The History of Mount Rushmore for Kids: Famous Landmarks for Children - FreeSchool

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Located in the Black Hills of South Dakota, Mount Rushmore is a monumental sculpture carved

into the side of a mountain, depicting four of the most famous and influential presidents

in the history of the United States of America: George Washington, Thomas Jefferson, Abraham

Lincoln, and Theodore Roosevelt.

The idea for the sculpture was suggested in 1923 as a way to bring visitors to South Dakota,

and sculptor Gutzon Borglum was selected to create it.

Congress approved the project in 1925, but work didn't begin until October 4, 1927.

Over the next 14 years, 400 workers blasted more than 400,000 tons of rock off the mountainside

using dynamite, finishing the details with jackhammers and chisels.

Despite the dangerous conditions, no one died during the construction of Mount Rushmore!

The face of George Washington was finished first in 1934, followed by Thomas Jefferson

in 1936.

Thomas Jefferson had been planned to stand on Washington's right, but when the rock on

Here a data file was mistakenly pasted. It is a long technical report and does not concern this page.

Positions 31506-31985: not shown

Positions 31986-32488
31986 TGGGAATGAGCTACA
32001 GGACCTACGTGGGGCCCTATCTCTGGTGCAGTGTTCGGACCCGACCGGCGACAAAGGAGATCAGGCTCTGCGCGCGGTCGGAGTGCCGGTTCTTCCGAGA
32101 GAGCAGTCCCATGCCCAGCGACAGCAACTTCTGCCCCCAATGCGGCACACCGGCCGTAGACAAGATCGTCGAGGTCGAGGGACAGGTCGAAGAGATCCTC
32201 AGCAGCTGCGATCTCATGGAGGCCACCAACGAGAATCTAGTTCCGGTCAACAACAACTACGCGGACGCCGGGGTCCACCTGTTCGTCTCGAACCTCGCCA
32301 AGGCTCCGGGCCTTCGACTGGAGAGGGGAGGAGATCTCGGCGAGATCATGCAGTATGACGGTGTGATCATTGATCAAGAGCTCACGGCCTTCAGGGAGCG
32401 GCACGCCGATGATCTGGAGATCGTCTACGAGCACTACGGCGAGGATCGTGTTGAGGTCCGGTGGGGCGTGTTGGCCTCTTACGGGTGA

that side was found to be bad for carving, all the carving that had been done was blown

off with dynamite and he was moved to the other side.

Abraham Lincoln's face was finished in 1937, and Theodore Roosevelt was the last one done

in 1939.

Mount Rushmore cost less than one million dollars to complete.

Originally, the sculptures were supposed to show the presidents down to their waists,

but the builders ran out of money and so they just made the heads.

The heads of the presidents are 60 feet or 18 meters tall - that's the height of a six-story


Their eyes are each 11 feet or 3.3 meters across and their noses are 20 feet or 6 meters long.

Today Mount Rushmore is carefully maintained to prevent cracking.

Each year trained mountain climbers scale the monument and seal tiny cracks before they

can grow and cause parts to break off!

Between two and three million people visit Mount Rushmore each year, to see the colossal

presidents, making it the most popular tourist attraction in South Dakota.

I hope you enjoyed learning about Mount Rushmore today.

Goodbye till next time!